Though trials for the healthy were by and large limited to adult men as recently as the early 1990s, beginning in 1993 the federal Food and Drug Administration instituted regulations designed to encourage the participation of as large a demographic as possible.
"Unless the drug is sex- or age-specific -- you're not going to study an Alzheimer's drug on kids, for example -- the FDA wants to see a broad population representation in clinical trials," explains Dr. Alan Goldhammer, associate vice president of regulatory affairs for the Pharmaceutical Research and Manufacturers of America, a Washington, D.C.-based trade association.
Goldhammer estimates that it takes twelve to fifteen years to bring a new drug to market, at a cost of more than $800 million. "About one out of every five thousand compounds that's looked at in the laboratory ends up getting to the marketplace," he notes, explaining that before a drug even reaches the clinical-trial phase, it must be experimented on in animal and human cells, and then extensively on animals.
"But the most expensive part of it is when you start the human clinical trials," says Goldhammer.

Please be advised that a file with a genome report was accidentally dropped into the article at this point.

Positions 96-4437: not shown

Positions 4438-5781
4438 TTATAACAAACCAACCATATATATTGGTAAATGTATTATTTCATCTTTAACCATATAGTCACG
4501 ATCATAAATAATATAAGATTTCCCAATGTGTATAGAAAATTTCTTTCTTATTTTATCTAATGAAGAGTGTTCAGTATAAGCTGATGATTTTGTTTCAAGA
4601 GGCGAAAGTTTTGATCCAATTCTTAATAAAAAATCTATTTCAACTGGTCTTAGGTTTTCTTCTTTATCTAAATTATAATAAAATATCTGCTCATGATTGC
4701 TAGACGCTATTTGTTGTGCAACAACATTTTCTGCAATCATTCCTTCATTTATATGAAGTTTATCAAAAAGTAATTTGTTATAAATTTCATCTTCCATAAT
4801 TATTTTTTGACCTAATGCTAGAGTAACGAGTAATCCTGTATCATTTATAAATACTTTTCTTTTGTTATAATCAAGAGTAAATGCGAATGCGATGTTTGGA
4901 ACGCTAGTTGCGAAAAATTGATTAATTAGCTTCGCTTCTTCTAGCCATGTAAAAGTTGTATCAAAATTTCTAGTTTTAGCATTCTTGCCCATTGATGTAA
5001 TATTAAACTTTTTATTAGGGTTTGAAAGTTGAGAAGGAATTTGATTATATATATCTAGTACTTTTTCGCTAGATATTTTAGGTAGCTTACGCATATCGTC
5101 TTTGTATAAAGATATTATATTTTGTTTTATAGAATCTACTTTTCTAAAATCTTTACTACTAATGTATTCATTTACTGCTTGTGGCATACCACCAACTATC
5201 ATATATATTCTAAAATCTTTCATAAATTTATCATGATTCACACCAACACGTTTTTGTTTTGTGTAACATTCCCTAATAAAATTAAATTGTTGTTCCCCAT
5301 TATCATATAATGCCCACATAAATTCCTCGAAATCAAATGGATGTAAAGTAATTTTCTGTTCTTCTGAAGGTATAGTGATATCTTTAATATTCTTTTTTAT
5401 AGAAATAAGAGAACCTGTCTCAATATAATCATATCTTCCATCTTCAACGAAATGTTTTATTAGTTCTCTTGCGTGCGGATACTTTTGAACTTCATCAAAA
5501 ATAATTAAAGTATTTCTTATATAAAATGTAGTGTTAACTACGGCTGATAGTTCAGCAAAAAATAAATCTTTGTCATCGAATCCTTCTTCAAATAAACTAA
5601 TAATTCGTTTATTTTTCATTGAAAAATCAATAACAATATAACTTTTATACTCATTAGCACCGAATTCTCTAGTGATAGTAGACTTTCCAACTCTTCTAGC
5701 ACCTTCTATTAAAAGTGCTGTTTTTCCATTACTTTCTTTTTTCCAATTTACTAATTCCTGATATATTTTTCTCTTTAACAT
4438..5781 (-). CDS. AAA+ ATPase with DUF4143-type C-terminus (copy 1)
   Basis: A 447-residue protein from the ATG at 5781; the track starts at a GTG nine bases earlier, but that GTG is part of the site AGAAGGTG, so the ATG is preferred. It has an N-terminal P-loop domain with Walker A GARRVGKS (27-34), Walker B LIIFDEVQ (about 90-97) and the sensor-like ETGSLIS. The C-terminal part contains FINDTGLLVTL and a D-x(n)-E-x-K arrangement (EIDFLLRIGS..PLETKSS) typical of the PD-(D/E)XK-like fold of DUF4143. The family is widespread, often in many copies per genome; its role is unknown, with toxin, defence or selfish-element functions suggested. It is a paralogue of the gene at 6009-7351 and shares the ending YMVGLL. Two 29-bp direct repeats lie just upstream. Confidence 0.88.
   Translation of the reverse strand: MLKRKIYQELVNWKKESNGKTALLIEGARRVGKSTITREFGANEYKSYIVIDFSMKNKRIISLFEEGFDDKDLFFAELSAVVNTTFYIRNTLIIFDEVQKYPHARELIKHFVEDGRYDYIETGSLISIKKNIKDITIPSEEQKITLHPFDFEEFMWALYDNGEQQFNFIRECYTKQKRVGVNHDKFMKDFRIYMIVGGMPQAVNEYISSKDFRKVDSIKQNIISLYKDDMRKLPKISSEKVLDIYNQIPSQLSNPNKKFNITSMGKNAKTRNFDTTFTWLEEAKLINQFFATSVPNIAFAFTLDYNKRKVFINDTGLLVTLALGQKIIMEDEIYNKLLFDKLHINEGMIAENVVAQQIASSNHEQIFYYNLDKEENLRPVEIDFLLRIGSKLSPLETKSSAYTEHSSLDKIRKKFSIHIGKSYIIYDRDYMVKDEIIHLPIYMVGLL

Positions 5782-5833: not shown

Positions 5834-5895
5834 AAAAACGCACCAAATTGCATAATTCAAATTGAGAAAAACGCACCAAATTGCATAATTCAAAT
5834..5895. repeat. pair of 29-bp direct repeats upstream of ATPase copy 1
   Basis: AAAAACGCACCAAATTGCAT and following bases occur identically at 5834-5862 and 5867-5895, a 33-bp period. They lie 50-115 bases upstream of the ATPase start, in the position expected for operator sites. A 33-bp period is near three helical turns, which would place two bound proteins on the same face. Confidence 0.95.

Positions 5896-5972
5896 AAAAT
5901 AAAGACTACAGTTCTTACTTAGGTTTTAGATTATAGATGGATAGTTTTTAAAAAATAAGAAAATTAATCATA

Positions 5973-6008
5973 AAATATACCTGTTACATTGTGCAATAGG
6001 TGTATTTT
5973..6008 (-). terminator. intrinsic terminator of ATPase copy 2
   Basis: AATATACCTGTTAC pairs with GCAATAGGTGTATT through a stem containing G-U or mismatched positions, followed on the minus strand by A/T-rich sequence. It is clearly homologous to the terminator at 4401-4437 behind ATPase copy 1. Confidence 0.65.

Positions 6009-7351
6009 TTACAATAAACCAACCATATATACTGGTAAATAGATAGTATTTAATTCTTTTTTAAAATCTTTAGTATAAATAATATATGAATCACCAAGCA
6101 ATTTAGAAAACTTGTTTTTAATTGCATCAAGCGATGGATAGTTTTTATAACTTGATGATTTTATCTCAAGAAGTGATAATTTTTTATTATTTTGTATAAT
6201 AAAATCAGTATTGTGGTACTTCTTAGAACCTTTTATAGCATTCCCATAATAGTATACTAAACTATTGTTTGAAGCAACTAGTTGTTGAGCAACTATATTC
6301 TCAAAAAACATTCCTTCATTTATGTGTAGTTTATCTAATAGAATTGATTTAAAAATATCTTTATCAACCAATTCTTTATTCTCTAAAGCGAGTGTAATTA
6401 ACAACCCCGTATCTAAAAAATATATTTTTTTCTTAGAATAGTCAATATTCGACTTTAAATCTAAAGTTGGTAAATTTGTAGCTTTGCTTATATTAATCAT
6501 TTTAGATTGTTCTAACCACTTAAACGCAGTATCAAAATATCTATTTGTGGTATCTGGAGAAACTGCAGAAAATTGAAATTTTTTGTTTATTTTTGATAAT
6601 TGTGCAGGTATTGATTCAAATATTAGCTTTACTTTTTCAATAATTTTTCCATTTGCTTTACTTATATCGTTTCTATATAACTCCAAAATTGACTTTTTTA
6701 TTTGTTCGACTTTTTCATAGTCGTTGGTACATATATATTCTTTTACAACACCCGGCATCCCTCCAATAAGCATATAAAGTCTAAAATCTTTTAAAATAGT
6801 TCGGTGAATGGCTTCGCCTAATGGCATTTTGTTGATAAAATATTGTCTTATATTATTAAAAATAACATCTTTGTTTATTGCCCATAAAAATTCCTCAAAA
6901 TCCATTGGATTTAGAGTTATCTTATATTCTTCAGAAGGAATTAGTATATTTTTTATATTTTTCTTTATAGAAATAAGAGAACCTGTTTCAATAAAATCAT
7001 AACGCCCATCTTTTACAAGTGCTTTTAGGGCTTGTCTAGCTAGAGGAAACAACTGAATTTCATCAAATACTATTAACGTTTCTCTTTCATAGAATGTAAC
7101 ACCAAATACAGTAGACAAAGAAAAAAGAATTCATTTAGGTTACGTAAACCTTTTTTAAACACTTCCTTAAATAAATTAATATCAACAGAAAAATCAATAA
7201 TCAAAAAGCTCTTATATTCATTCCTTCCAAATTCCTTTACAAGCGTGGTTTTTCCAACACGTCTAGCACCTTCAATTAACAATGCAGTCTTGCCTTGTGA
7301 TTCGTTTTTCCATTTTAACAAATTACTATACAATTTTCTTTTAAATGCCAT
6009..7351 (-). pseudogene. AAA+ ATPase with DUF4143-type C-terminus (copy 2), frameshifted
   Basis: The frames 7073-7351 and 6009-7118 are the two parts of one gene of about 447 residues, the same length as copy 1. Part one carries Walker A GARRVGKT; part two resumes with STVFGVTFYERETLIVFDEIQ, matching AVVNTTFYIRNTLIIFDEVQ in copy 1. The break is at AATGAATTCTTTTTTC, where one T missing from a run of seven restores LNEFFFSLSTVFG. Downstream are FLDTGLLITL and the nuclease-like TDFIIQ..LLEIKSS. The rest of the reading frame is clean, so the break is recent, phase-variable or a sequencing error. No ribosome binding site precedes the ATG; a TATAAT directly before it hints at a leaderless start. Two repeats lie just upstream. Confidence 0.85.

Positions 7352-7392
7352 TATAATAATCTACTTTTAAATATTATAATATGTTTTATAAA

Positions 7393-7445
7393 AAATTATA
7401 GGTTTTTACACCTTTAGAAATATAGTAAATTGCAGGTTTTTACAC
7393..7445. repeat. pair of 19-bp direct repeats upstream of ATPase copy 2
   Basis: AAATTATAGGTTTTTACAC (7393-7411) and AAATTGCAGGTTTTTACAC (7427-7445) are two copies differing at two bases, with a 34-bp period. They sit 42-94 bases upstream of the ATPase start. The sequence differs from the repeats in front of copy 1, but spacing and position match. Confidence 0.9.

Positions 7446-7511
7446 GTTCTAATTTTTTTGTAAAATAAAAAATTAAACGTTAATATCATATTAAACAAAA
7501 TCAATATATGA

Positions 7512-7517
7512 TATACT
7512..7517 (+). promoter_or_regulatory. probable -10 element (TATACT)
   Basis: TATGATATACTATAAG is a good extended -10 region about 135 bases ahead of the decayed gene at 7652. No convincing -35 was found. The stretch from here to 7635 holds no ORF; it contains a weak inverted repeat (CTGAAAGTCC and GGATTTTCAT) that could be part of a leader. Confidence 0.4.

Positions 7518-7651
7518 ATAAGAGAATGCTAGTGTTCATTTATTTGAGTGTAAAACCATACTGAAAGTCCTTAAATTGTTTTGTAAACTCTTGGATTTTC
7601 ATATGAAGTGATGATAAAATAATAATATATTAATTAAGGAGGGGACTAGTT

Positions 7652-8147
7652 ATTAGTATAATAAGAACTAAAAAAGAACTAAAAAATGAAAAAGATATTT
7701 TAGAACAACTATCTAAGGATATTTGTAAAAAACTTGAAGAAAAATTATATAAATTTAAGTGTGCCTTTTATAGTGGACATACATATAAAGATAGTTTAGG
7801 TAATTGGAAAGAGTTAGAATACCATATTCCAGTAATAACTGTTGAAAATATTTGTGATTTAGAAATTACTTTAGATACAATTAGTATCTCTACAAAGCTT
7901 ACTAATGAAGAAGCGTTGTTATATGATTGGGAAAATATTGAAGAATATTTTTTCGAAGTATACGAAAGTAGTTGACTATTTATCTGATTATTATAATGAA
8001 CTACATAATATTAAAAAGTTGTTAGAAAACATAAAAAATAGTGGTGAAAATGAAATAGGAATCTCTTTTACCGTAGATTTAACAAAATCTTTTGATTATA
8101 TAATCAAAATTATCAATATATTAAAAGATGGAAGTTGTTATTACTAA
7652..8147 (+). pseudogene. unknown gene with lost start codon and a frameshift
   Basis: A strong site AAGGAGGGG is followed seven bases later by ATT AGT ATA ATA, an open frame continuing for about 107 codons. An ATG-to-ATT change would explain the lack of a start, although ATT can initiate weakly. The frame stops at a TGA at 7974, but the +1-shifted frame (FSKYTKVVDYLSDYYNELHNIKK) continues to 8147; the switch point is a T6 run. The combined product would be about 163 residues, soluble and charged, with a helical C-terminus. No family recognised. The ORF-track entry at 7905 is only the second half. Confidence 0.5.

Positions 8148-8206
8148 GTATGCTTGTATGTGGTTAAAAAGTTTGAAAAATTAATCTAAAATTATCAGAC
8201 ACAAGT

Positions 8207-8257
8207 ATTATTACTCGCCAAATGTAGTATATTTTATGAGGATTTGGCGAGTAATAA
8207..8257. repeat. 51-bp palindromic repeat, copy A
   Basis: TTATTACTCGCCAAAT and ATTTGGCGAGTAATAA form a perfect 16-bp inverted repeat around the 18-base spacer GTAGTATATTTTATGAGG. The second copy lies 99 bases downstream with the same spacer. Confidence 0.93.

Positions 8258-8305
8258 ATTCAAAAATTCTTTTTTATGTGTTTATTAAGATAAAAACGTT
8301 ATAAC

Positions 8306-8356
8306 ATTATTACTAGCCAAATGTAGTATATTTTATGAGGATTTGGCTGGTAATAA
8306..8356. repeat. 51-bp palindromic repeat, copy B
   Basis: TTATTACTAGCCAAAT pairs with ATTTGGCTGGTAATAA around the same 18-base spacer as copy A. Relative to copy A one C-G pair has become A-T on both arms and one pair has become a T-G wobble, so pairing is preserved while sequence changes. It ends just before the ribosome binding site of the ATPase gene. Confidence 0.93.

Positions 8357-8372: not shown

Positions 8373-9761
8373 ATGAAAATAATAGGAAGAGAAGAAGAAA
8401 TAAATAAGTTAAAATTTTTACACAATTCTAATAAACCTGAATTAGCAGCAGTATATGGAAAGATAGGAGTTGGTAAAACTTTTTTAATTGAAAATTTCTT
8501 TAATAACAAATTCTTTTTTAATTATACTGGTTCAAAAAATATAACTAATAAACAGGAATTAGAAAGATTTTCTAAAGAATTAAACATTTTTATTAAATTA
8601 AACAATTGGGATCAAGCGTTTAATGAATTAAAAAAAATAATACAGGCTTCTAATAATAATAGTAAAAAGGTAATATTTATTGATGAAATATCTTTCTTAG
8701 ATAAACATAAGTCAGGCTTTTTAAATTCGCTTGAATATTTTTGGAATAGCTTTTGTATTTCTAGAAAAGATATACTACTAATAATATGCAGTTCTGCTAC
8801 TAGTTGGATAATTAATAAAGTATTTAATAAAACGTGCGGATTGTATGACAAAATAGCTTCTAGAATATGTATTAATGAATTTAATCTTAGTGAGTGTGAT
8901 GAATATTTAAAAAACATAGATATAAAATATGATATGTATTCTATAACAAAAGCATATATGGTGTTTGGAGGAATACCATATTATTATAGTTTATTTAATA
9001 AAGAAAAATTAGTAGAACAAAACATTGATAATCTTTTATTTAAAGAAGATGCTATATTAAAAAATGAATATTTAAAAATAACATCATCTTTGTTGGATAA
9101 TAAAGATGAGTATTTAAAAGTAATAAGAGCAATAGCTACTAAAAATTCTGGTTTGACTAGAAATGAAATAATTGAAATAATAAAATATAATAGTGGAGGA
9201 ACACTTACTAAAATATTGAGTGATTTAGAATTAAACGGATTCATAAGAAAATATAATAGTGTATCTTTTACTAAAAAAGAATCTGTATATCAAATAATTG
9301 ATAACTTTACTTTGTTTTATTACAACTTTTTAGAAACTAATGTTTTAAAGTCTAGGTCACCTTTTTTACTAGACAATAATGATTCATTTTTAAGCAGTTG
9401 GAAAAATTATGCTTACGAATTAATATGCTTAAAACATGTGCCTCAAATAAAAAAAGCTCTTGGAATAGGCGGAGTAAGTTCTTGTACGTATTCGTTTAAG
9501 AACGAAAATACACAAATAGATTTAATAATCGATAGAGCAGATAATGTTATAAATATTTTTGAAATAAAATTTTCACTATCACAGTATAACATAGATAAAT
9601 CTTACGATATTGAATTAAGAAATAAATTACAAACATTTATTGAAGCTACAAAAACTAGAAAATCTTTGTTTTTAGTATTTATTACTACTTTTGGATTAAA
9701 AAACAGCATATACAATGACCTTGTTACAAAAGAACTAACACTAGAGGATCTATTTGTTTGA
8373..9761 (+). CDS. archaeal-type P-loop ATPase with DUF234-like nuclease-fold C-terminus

Typically, trials are conducted in three phases. Phase One studies usually involve only a few dozen healthy volunteers and focus on a drug's intended and unintended effects on the body. According to the FDA, about 70 percent of drugs are deemed safe and move on to Phase Two, where their effects are compared to those of patients who are given placebos. Phase Three aims to study a drug's effectiveness on the sick patients it's intended to help, and to identify adverse reactions. After completing the third phase of testing, a pharmaceutical company may request FDA approval.
Saint Louis University's Health Sciences Center and Washington University's School of Medicine are the human-clinical-trial behemoths in the area, operating trials in phases One, Two and Three. Unlike the medical schools, which are bankrolled in part by the National Institutes of Health, Gateway's studies are entirely privately funded. And because they involve generic versions of drugs that have already received FDA approval, they're considered to have gone beyond the three-phase process.
Joni Westerhouse, spokeswoman for Wash. U.'s School of Medicine, says that in 2003 the school had approximately 3,400 studies under way. She's unable to estimate the number of participants, but she says any given study might involve anywhere from one to one thousand subjects. SLU's Muehlenkamp says he is unable to gauge how many studies are under way there.